Kate Guy, Senior Fellow at the Centre for Climate and Security, focused on topics of international action and national security. In this regard, Trump has teamed up with other so-called ‘climate arsonists’, to use Biden's words, to impede global action on climate change, and has turned his back on climate alliances. Biden’s approach is the opposite: he has pledged to re-join the Paris agreement on day 1, hold a summit of the biggest emitters as soon as possible, and use US power to push other countries into further action.
Further points made during questions & discussion:
· Climate action by the President alone could create real on-the-ground changes.
· Climate policy needs to be popular, maximise job creation on a short time scale, maximise emissions reductions, maximise environmental justice.
· China’s ambitious climate policy may represent its goal to become a global leader on climate action, ahead of the US. This could act to encourage the US to double-down on actions in a ‘race-to-the-top’ on climate.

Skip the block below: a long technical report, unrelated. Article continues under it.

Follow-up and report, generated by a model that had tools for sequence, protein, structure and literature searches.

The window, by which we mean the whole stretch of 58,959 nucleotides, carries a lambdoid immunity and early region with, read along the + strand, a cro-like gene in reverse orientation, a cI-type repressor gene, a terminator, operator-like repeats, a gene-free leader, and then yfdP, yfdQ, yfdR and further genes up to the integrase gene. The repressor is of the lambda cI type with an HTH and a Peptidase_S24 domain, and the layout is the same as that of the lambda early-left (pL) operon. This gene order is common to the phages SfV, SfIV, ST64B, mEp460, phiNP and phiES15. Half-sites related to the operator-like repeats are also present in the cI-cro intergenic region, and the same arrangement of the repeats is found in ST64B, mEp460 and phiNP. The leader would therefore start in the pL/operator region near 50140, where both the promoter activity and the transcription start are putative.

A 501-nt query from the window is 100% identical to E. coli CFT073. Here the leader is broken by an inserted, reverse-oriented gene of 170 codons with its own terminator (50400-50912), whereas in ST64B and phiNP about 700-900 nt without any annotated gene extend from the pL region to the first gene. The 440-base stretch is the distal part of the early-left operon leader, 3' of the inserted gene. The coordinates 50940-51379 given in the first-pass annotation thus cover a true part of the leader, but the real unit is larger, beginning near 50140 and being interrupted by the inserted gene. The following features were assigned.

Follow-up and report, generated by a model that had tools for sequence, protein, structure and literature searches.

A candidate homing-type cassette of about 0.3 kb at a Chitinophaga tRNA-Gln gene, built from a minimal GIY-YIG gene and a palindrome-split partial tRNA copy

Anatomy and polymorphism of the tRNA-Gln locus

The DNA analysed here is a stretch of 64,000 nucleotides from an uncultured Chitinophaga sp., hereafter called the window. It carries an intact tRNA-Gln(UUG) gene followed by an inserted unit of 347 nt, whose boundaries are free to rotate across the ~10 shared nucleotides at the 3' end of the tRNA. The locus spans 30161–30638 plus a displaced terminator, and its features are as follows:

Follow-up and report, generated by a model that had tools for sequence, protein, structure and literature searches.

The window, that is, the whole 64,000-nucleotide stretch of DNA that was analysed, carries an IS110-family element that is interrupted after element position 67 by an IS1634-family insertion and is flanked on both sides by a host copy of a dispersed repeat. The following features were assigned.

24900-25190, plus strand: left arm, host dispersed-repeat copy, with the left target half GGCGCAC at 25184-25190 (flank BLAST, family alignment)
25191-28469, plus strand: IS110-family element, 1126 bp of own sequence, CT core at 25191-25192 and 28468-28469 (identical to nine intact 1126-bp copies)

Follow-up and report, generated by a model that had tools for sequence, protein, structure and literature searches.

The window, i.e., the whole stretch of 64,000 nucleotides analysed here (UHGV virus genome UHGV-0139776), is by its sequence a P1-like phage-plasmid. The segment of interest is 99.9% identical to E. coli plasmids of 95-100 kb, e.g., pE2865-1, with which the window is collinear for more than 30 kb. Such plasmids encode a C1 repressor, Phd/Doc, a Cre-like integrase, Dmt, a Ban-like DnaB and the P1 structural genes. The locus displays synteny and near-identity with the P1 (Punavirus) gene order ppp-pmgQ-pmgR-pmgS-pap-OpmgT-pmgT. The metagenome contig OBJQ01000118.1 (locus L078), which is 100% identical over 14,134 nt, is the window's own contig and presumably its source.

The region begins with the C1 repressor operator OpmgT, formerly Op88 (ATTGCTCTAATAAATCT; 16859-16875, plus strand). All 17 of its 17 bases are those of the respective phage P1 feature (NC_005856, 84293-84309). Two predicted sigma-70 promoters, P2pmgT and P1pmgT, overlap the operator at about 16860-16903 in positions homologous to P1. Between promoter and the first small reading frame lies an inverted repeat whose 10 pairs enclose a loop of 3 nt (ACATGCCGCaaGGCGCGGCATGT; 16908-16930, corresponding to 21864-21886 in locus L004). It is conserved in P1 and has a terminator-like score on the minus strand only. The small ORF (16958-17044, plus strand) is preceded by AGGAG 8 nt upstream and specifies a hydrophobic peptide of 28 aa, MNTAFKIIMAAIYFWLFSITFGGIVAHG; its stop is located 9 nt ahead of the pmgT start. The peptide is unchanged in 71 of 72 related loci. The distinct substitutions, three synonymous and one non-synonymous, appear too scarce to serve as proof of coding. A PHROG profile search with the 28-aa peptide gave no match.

· Wall Street must be held accountable for its contribution to climate breakdown and be regulated.
Event summary by Olivia Oldham
Flying has become a staple of the modern world, though mostly for the global North. The carbon emissions of aviation are hotly debated, but it is generally agreed that it is responsible for around 3% of global emissions. So why do we care so much about flying? First of all, it is significantly--around 100 times, in fact--more carbon intensive than car travel. It also creates transport inequality--while exact statistics are hard to come by, it is unlikely that more than a couple of percent of the world’s population actually flies each year; and for those who do fly regularly, flying is their highest carbon activity.